1. Why I still haven’t learned to proofread is also beyond me.

      2. It’s gotten to the point we are rejecting the basic English principles that gave birth to Liberty in the modern sense, let alone the American Constitution. Ideas that have been integral to our legal tradition since AT LEAST Edward Coke pushed the 1628 Petition of Right are being tossed away, sacrificed to the bogeyman of “Terrorism” and the God of “National Security”

        1. You might want tone down the freedom talk, dude. The NSA is probably watching.

      3. That’s why I always make the distinction between “America” and “the United States of America”.

        America is an ideal of the sovereign individual endowed by his creator with certain inalienable rights, including the rights to life, liberty and the pursuit of happiness.

        The USA is not necessarily American in that sense. The illegal immigrants who risk their lives to come here just so that they can get shitty jobs in an attempt to better themselves are more American than many of the natives here – when those real Americans stop trying to come to the US it might be time to consider finding America somewhere else.

    4. Call me crazy, but I would hope that our goals for liberty aren’t “be a little less tyrranical than everyone else.”

      Of course not, but ranting about America being a police state and threatening emigration rings pretty hollow when you look at the rest of the world (which has several actual police states).

      1. I agree. That’s precisely why we should forget the shitholes of the world and admit that we should simply not give a fuck about the rest of the world in comparative terms. Liberty is liberty, and justice is justice, and our aims for the attainment of neither should be predicated upon simply being better than everybody else, but actually free and actually just.

        1. Amen!

      2. Of course not, but ranting about America being a police state and threatening emigration rings pretty hollow when you look at the rest of the world (which has several actual police states).

        Except that it’s perfectly reasonable that we’re becoming a quasi-police state, via crushing bureaucracy.

        No, making flip comparisons to North Korea aren’t helpful. But there are arguable comparisons between us and say, China.

        The moment you have any institution that by definition strips you of due process, you’re on your way.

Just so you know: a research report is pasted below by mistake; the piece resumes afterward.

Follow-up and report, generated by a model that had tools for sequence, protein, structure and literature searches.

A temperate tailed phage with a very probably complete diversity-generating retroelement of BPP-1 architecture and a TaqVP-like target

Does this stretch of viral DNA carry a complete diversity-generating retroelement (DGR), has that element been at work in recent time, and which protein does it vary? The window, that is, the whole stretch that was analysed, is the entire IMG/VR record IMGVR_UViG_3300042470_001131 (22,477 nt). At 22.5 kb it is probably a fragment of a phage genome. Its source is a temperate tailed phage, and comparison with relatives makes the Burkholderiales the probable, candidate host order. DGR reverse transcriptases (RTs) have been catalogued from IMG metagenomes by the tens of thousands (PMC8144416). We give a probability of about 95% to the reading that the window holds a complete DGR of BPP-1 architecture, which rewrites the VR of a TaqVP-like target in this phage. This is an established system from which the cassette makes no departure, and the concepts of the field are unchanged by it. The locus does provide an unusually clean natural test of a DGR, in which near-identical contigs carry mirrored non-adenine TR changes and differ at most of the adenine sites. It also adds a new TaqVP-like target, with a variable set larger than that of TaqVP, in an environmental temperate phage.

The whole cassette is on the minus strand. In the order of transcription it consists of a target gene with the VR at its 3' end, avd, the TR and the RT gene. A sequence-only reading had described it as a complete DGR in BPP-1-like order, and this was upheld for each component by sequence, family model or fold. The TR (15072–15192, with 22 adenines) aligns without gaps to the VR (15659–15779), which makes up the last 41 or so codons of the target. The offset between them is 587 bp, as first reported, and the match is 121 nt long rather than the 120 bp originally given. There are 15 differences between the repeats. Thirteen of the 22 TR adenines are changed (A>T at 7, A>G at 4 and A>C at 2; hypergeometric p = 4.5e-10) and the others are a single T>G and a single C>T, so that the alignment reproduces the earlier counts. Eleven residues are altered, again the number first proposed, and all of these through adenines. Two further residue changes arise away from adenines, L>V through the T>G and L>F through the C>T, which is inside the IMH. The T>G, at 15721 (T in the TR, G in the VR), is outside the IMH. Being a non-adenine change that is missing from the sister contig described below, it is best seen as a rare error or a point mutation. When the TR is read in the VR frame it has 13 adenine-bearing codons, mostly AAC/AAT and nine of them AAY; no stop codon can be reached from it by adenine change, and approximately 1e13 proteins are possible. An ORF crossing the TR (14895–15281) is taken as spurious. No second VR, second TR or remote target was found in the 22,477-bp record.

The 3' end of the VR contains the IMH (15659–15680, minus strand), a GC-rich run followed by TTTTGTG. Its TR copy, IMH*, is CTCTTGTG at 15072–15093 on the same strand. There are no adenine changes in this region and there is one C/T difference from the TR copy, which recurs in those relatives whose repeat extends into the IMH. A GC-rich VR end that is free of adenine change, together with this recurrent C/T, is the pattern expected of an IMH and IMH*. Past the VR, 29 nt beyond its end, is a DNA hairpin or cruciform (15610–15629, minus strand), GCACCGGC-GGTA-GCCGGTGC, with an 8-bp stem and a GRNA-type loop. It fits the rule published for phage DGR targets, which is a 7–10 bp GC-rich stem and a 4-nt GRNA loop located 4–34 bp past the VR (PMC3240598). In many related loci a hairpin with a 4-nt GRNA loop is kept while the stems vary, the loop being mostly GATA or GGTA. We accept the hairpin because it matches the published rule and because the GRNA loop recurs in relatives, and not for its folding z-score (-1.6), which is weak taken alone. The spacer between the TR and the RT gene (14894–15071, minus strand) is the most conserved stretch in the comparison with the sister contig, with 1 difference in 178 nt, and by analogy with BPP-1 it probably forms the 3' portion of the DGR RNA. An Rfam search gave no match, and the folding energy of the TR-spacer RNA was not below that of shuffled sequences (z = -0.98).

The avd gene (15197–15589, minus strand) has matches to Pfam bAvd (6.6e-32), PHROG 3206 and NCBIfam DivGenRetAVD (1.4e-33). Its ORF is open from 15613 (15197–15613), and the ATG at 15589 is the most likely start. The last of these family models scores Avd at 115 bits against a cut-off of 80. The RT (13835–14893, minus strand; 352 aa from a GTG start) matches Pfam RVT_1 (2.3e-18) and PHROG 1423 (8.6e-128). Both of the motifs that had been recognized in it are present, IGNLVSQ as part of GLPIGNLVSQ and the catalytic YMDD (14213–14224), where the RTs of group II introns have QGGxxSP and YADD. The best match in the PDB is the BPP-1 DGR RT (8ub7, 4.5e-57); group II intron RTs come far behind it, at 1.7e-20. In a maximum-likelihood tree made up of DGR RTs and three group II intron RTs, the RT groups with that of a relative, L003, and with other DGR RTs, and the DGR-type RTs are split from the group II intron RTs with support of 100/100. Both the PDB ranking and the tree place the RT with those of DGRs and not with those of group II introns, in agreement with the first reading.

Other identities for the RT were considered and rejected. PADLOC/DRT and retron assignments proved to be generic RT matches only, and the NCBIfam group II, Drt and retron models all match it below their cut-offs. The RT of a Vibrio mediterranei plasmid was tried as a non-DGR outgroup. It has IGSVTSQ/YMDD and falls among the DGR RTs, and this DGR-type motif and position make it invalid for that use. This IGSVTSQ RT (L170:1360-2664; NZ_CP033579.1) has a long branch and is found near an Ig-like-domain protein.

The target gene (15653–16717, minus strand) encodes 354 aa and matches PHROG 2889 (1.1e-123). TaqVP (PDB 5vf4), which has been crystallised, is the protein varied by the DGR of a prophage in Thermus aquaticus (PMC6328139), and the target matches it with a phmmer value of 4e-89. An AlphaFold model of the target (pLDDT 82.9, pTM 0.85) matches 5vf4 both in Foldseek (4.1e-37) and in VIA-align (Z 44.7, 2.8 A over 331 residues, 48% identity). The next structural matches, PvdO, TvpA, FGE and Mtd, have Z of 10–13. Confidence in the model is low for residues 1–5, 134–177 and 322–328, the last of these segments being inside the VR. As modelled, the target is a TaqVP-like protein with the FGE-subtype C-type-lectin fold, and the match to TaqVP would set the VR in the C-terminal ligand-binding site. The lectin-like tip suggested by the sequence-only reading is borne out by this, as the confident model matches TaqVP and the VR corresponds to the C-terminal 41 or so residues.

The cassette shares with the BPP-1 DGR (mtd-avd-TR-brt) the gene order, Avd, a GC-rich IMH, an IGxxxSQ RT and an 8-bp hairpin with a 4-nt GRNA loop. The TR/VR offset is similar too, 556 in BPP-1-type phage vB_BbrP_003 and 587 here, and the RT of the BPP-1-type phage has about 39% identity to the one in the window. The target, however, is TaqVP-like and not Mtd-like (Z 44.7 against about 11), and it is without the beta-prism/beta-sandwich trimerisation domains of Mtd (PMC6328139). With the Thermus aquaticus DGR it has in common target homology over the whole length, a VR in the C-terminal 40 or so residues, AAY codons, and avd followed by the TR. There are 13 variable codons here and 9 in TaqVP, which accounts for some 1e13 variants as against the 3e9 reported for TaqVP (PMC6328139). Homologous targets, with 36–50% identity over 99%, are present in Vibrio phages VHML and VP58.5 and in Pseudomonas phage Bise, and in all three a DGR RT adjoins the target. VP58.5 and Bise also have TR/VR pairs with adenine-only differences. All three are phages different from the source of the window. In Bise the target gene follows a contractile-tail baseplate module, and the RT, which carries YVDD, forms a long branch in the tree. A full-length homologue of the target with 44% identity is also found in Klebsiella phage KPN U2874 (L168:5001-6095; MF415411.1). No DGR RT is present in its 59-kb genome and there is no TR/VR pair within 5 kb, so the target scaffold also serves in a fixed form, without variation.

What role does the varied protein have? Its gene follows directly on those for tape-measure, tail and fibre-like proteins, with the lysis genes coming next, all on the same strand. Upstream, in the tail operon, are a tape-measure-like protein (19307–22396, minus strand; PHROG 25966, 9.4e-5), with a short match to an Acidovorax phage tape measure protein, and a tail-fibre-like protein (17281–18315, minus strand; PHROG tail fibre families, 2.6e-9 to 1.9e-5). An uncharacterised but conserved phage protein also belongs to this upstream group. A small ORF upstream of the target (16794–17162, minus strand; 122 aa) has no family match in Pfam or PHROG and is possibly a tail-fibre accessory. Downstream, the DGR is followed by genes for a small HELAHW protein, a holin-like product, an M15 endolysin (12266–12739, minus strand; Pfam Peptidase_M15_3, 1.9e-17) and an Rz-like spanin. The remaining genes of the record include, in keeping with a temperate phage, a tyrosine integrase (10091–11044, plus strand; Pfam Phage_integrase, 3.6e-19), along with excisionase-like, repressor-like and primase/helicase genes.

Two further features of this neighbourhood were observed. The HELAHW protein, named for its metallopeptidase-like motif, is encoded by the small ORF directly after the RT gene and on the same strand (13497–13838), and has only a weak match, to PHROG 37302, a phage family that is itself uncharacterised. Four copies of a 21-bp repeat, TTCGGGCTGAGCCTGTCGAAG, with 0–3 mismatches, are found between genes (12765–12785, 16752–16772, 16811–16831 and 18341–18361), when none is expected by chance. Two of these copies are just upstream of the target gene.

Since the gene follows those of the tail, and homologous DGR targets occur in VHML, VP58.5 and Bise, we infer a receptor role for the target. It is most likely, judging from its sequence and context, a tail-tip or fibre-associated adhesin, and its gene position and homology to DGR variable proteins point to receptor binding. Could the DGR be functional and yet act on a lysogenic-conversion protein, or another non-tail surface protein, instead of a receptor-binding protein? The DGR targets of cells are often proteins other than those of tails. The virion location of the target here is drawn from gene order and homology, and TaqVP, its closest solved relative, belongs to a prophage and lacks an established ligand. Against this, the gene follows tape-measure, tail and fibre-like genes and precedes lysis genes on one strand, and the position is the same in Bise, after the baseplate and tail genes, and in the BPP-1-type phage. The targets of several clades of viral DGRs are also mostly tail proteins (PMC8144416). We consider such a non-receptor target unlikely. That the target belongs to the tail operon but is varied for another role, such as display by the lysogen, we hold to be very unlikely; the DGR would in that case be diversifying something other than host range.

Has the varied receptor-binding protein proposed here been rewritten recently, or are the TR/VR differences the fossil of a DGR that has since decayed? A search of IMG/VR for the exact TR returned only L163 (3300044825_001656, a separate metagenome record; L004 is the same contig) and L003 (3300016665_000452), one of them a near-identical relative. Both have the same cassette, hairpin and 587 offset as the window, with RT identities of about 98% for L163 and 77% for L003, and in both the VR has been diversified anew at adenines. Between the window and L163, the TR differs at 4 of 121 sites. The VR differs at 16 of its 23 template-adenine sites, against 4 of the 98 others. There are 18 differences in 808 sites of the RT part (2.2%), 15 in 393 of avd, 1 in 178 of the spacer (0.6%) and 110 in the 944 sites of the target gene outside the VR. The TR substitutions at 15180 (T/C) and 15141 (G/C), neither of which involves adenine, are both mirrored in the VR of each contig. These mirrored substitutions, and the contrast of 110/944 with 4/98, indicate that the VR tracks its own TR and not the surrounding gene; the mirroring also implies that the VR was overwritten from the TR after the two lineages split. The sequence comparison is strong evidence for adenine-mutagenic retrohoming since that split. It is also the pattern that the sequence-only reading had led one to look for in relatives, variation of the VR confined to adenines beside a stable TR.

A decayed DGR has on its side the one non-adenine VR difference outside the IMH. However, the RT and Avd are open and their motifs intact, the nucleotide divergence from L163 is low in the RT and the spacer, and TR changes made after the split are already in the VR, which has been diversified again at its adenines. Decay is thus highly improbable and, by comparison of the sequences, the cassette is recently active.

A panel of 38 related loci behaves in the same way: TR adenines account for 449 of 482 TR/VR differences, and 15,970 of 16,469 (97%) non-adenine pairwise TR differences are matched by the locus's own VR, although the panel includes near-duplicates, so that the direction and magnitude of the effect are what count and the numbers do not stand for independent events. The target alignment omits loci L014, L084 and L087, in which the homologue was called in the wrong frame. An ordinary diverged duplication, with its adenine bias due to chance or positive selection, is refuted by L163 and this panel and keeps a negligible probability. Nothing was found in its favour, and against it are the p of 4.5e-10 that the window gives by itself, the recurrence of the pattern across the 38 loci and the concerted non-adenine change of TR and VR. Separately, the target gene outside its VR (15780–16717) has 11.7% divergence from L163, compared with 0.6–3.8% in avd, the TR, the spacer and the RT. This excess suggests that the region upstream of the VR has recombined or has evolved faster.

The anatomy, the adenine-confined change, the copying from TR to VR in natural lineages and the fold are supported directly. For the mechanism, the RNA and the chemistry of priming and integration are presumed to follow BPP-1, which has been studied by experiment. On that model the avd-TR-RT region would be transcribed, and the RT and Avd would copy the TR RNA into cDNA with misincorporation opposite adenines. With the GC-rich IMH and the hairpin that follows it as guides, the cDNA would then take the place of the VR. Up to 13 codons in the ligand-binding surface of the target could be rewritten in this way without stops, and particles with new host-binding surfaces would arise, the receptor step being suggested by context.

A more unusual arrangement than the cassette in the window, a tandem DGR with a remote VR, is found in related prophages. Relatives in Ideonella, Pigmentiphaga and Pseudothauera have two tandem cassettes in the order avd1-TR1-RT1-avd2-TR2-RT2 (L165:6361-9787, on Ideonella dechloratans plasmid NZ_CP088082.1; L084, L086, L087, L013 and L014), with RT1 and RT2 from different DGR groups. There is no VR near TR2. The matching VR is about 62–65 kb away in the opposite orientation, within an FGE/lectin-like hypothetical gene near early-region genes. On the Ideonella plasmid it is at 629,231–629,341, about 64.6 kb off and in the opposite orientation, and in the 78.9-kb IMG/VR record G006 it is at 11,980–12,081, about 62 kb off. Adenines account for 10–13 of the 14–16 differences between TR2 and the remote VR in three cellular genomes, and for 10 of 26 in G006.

3. You have to draw a line somewhere. Usually when people say things like that, they’re trying to imply that one should never complain, because it could always be worse.

        Well by that logic, as long as there is ever one single human being on earth who is in worse circumstances that yourself, you should always be content.

        It doesn’t matter that there are “worse” places. I’m only concerned about this place.

  10. Constitutional protections apply to “persons” not just “citizens” railed Amash.

    Only in the 5th amendment. The 2nd, 4th, 9th, 10th, and second half of the 1st arguably only apply to citizens, since they speak of “the people”.

    1. Ok, John Edwards. Your argument hangs on the usage of the word “the.”

    2. So you’re saying non-US citizens aren’t people?

    3. The preamble to the constitution implies that rights are NOT given by the government to the people, but that people are born with these rights as human beings. The constitution mearly recognizes that fact. While you can certainly argue that the specifics within legalislation as it relates to these rights could be somewhat different between citizens and non-citizens, the core principles of those rights would apply to all human beings everywhere at least as far as our governments treatment of them. Otherwise, our government would be going against The Creator. But that’s just a silly old piece of paper anyways.

      1. It’s not even written in English, man.

  11. It’s generally pretty easy to get depressed with the crap that comes out of DC, then along comes something like this and (most of) the comments in support of liberty, and I figure it’s not time to give up quite yet.

    1. It’s not all that depressing. The vote was better than I thought it would be. We are only a couple of elections away from things getting better, after things get much worse. That is what it is going to take, but hang in there, we will defeat the progressives, they don’t have the numbers to hold us off because eventually they WILL run out of other peoples money and when the freeby crowds goodies start to run out… need I say more?

  12. It’s unfortunate that this Amendment didn’t pass, but it’s nice to see some government officials taking the lead against this act of tyranny. Hopefully, if more of them follow suit and unite against NDAA, this unconstitutional piece of legislation will be struck down forever! There’s a good article that shows the opposition to NDAA and what people are doing about it: http://www.martiallawusa.com/wp/?p=45 … Take a look sometime and get involved!

Please to post comments

Comments are closed.